The BBC reported former Merseyside Police special constable Alastair Saverimutto, the school's CEO, told the undercover reporter he had used a police-style restraint involving a pressure point on a child. Mr Saverimutto was sacked by Merseyside Police last year for gross misconduct.

According to an article on the BBC website, lawyers for the school say Mr Saverimutto "denies ever using inappropriate force on, or behaving aggressively towards a pupil".

The mum of one of the school's pupils was filmed watching video footage of staff using deeply offensive language to mock her son. Clearly distressed by the footage, she said: "You just don't expect that behaviour from staff, from anybody, you know. Especially when you're in a setting where you're around vulnerable children.

"You just don't expect to see that, and hear that language. I'm absolutely disgusted. Disgusted that I've trusted that school with my son. I fought for 18 months to get him somewhere which I thought was appropriate for him, where I was promised the world. I'm let down, majorly."

Places at Life Wirral cost between £50,000 and £150,000 a year per child, depending on the support required. In the school's latest Ofsted inspection, it was rated as “good”.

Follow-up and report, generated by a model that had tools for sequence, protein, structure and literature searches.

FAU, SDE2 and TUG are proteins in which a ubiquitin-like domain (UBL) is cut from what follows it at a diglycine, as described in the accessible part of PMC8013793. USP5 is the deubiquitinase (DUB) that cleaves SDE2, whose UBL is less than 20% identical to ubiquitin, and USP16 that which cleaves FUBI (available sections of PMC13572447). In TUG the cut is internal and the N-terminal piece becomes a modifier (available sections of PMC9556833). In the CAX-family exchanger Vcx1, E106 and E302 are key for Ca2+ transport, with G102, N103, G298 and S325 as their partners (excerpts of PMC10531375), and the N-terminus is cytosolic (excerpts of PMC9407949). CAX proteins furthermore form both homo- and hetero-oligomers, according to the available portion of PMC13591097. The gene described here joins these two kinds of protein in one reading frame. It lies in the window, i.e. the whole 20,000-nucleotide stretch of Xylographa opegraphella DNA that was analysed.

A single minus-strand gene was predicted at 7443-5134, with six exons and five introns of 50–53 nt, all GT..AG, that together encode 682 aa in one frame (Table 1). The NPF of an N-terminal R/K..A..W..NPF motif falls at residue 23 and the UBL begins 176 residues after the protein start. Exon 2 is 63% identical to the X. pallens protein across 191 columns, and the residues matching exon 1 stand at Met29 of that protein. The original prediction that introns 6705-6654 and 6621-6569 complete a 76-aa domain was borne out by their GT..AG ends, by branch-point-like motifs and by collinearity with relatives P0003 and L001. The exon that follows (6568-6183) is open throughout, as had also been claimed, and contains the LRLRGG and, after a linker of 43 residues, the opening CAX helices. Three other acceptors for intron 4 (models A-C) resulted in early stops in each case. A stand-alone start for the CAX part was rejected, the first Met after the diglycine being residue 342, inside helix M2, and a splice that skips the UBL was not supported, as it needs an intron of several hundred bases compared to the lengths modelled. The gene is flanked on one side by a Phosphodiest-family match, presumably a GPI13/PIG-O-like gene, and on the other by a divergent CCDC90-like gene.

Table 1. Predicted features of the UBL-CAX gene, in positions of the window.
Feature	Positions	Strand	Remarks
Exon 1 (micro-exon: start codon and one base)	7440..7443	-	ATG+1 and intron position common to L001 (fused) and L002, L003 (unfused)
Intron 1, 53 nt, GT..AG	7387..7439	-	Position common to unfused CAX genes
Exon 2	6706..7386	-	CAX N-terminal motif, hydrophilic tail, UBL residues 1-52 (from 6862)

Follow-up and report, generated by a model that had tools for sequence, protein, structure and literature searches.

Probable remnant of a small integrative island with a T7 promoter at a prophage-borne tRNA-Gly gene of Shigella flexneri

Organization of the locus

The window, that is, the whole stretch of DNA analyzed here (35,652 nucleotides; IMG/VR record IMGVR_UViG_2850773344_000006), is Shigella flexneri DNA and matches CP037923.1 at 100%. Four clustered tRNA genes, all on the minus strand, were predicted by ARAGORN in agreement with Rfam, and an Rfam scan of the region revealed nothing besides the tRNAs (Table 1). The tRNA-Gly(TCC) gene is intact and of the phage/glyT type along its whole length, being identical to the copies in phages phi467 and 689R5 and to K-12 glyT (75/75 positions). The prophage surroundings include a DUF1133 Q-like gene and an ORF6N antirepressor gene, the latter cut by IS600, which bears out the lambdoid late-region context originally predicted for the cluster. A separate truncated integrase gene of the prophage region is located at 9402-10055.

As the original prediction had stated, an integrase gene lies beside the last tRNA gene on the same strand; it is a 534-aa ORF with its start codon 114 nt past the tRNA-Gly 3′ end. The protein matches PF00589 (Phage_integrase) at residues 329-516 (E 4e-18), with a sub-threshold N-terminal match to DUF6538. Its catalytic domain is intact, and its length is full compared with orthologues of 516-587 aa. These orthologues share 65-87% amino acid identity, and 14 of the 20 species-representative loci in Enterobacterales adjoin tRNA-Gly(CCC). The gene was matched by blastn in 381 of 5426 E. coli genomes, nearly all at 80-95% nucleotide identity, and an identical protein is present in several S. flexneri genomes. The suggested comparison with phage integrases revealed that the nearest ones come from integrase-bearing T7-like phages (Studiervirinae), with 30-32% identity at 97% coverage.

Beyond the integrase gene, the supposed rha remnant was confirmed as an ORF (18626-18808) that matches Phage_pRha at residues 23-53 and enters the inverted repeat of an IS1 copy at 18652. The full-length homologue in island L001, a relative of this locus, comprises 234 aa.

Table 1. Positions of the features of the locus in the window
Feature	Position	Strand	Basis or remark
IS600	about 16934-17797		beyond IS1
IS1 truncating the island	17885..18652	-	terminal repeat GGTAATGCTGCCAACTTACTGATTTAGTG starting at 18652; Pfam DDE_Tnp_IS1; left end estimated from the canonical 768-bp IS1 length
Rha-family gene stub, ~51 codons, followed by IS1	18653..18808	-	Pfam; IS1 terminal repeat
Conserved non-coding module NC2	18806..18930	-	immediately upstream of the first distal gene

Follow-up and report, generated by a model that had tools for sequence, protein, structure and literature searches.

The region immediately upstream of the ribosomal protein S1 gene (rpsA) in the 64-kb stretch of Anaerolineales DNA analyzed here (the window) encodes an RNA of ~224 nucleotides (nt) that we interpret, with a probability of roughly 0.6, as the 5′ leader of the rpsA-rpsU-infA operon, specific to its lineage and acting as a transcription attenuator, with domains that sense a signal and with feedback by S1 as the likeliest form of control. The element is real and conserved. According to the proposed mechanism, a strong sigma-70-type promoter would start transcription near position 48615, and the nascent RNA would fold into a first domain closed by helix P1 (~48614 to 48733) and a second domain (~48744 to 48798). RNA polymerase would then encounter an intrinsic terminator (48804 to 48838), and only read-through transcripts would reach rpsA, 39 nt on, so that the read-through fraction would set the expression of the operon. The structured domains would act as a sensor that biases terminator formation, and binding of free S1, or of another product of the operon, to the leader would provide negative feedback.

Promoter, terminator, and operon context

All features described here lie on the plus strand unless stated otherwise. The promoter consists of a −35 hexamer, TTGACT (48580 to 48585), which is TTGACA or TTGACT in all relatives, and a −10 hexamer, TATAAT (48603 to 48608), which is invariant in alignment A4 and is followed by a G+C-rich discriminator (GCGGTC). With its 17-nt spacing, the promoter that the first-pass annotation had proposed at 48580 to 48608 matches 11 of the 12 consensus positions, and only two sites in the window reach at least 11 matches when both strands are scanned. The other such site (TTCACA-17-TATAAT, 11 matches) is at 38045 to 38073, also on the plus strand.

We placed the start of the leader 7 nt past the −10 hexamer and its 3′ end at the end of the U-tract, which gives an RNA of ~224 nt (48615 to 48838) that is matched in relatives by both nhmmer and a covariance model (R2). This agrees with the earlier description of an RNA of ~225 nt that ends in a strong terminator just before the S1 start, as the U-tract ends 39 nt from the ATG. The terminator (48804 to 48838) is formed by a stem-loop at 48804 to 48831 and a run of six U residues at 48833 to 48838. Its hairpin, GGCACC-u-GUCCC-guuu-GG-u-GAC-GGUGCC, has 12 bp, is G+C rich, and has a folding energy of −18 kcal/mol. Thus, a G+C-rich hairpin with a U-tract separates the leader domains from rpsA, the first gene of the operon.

A Life Wirral spokesperson told the ECHO: “LIFE Wirral do not condone the behaviour of a small proportion of staff whose actions were aired on last night’s BBC Panorama programme. We are deeply concerned about our students and their families and would like to apologise to all those affected.”

"The BBC has acted in a highly irresponsible manner putting the interests of a television programme ahead of the interests of vulnerable children.

“An undercover investigator failed in her basic safeguarding duties to report significant concerns and had she have done so on day one there would be no television programme and nearly twenty at-risk children would still have a safe environment in which they can learn and develop as young adults.